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CEA-Leti, a French research institute, has received a $3 million grant from the European Research Council (ERC) to build a unique intelligent edge AI system inspired by the insect’s nervous system. The nanoscale system uses new technologies to improve the performance and energy efficiency of edge AI. Targeted applications include robotics such as fruit picking and rescue operations, medical implants and wearable electronics.
While classic computer architectures such as those used in electronics such as the PC, data center and mobile devices are ubiquitous today, one problem is that most of the energy is actually used moving data rather than processing data. That’s why researchers have tried to find more optimal approaches over time, especially given the rise of AI over the past decade. One such alternative is called in-memory computing, where memory is used for both storage and processing.
Buggy inspiration for edge AI
However, the problem with in-memory computing is that it requires fast, non-volatile memory with high endurance. Such memory does not currently exist because DRAM is volatile. To get around this problem and reduce memory requirements, CEA-Leti scientists have found inspiration in the nervous system of insects.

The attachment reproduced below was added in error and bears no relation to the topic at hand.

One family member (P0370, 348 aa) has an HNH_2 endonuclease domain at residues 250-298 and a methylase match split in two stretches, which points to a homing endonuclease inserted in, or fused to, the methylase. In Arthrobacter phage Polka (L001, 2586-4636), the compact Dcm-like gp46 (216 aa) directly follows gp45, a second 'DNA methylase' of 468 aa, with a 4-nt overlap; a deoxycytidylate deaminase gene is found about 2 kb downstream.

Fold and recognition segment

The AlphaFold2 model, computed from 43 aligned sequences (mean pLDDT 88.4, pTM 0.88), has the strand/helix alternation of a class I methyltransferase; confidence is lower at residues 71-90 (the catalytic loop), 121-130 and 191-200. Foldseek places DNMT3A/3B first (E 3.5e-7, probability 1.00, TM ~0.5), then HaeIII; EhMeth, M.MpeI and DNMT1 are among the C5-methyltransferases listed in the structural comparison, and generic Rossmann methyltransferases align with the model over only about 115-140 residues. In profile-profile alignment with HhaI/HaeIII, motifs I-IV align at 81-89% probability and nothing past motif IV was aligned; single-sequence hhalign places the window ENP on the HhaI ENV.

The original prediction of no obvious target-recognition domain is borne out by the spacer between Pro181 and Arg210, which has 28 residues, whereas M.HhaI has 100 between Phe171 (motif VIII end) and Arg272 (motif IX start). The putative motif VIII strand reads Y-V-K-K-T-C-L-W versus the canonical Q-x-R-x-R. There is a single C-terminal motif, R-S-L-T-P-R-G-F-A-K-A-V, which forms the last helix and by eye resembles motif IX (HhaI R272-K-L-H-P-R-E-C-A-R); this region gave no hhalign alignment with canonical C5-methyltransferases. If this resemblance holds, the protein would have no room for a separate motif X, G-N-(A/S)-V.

Senior scientist Elisa Vianello has received a $3 million grant from the ERC to use novel nanoscale memory technologies that mimic the biological mechanisms of insects to create silicon-based, energy-efficient nanoscale systems for edge AI.
“My project is to draw inspiration from insect nervous systems to reduce hardware requirements in terms of memory density and reliability, and to build the new nanosystems we need to learn from a very limited amount of noise data,” said Vianello.
“Crickets make precise decisions based on slow, imprecise and unreliable neurons and synapses to escape their predators. By looking closely at their biology, we identified a diversity of memory-like functions in their sensory and nervous systems. By combining these different functions , the cricket’s internal computer system achieves astonishing performance and energy efficiency.”
The primary goal is to create devices that allow learning from a limited amount of noisy data. Such data can come from sensors such as video cameras, radar, ECG, EMG, bioimpedance currents and brain signals. To that end, Vianello has discovered that several functions of the insect’s nervous system are very similar to those of various memory technologies that CEA-Leti is working on. Therefore, the scientists want to create a “hybrid synapse” that co-integrates these different memory technologies.
The concept of a heterogeneously distributed computing system shows different processing units and sensors connected through both continuous and non-continuous connections.
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This post CEA-Leta finds inspiration for edge AI in insect nervous systems
was original published at “https://venturebeat.com/2022/03/30/cea-leta-finds-inspiration-in-insects-nervous-systems-for-edge-ai/”